The number of complaints to Utilities Disputes has fallen although the body is getting more inquries.
More customers are worried about disconnections.
The organisation (formerly the office of the Electricity and Gas Complaints Commissioner), recorded 2047 enquiries in the six months to September 30, up 18.3 per cent from the previous six month period. Complaints decreased by 10.6 per cent with 1162 recorded complaints.
Commissioner Nanette Moreau said more inquiries with fewer actual complaints showed increasing awareness by electricity and gas providers of the importance of customer service.
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Billing and customer service issues continued to be the most prevalent complaints.
Fifty per cent of complaints were about billing, 22 per cent about customer service, 7 per cent about meters and 9 per cent about disconnections.
The percentage of complaints about disconnections has risen from 5 per cent in the previous six months.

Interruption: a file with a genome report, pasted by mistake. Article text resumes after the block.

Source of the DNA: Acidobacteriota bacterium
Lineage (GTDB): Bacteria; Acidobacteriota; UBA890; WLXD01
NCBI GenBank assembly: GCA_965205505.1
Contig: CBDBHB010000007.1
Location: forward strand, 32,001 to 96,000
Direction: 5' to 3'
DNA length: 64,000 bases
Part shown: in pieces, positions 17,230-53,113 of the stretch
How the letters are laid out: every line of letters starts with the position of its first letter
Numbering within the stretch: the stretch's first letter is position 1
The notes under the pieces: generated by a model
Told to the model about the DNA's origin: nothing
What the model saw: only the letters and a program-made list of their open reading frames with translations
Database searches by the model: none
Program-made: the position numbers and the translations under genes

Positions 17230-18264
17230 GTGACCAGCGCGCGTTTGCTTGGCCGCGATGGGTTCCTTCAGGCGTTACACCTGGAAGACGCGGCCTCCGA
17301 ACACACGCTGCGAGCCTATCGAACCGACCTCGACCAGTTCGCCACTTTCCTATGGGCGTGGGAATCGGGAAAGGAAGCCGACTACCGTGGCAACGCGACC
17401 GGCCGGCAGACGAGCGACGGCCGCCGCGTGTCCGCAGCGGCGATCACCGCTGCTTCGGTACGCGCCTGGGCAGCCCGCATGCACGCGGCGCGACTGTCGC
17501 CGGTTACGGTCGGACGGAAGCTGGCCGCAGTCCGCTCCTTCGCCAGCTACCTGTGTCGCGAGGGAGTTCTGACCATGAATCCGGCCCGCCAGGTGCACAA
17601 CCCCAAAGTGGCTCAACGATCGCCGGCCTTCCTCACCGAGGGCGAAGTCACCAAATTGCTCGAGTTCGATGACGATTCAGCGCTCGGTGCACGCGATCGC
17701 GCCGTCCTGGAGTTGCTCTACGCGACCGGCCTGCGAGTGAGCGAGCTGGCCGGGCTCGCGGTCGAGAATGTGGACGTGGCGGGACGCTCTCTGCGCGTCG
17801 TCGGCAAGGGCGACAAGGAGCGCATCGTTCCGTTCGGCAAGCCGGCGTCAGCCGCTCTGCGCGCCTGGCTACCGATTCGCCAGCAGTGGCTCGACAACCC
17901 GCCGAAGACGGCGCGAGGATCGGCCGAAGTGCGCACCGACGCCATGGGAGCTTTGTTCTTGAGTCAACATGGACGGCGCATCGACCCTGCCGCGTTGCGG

"We look closely at trends in complaints and will be keeping a close eye on disconnection cases to ensure well established regulations are followed," said Moreau.
All electricity and gas companies must participate in Utilities Disputes and tell customers they are providers. Utilities Disputes can consider complaints up to $50,000, or up to $100,000 with the agreement of the provider.
The organisation changed its name to better reflect changes in the sector. Power and gas companies often bundle their services such as telephone and broadband.
Land access for laying fibre was also a growing issue, said Moreau, who has a law degree and is a trained mediator. She was appointed commissioner in March this year.
"We want people to contact us at any time during the complaint process to ensure best results for consumers and providers," she said.